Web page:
In 1994, L. Russ Bush, academic dean of Southeastern Baptist Theological Seminary, in his presidential address to the Evangelical Theological Society, gave a helpful reminder: “We are living and making the history of the future. What we teach and do today will be what future Christians consider to be their heritage.”

Therefore, since this is a Voltron-like response of joining forces for good, I want to focus on how Baptists of today can make helpful contributions to political theology, for what we teach and do today will be what future Baptists consider to be their heritage.

How can Baptists make helpful contributions to political theology while continuing to advocate for religious liberty and the like? I add to Emerson’s work with three brief suggestions framed in terms of relationship.

[1] The relationship of ecclesiology to political theology or “When Baptists act like Baptists”

Baptists can make a helpful contribution to political theology when they act like the best of their forebears in terms of their understanding and cultivation of a biblical ecclesiology. Yes, as Emerson notes, the Baptist development of ecclesiology often was born out of a desire to dissent from the state, and that remains one contribution of Baptists. But there is more in terms of what a healthy ecclesiology can bring to bear on the public square.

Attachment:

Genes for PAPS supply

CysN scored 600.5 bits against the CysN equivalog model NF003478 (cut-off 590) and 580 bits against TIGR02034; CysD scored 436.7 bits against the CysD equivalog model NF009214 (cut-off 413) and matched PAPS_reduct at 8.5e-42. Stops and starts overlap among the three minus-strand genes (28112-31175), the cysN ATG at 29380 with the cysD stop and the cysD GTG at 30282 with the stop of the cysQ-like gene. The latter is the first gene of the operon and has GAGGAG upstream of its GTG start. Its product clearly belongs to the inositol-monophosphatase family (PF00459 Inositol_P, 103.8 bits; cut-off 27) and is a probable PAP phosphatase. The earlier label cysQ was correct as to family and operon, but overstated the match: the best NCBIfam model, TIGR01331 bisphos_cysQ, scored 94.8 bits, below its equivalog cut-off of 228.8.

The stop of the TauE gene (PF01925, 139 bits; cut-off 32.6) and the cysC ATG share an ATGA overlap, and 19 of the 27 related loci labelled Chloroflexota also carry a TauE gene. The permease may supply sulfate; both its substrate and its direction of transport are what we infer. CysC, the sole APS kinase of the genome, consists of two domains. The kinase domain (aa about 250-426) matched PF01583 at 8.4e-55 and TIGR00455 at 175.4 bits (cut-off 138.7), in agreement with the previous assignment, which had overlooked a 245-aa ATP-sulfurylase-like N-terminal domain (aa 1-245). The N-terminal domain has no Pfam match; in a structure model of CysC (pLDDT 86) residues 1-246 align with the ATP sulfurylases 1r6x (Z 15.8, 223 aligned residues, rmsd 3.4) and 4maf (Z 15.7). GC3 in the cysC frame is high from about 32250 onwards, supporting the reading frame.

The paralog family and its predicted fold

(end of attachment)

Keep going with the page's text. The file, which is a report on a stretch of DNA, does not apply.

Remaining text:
What I do not mean is that ecclesiology is the ultimate doctrine. As nineteenth century Baptist theologian, J. L. Dagg said, “Church order and the ceremonials of religion, are less important than a new heart.”[5] Rather, a care for ecclesiology allows a tradition to care for the gospel and to provide a habitat for fellowship.

First, Jonathan Leeman helpfully describes the relationship between church and state as “set on a landscape where politics and religion are wholly coterminous, like two circle lenses placed perfectly on top of one another. The public square is nothing more or less than a battleground of gods. And the church is a political institution inhabited by citizens of heaven who bear a distinctively political message: Jesus is king …. [T]he church’s most powerful political activity is being the church and proclaiming its unique message.”[6] For when Paul writes to Timothy to instruct him in “how one ought to behave in the household of God,” Paul describes the local church as the “pillar and buttress of truth” (1 Tim 3:15).

Second, Matthew Lee Anderson notes that another way ecclesiology can shape political theology is by connecting the shared experience of believers who are also citizens. He explains, “the church’s life together is the soil from which political theology springs, for the questions posed by living together make us attentive to the many ways in which our communal experience shaped our knowledge of God.” Therefore, “[a] greater emphasis on communal life would go a long way toward closing the unfortunate gap between politics and theology.”[7]

[2] The relationship of other doctrines to political theology or “When Baptists act like Roman Catholics and Presbyterians”

Baptists can make a helpful contribution to political theology when they act like Roman Catholics and Presbyterians in terms of a renewed priority of the doctrine of God, and the doctrine of man.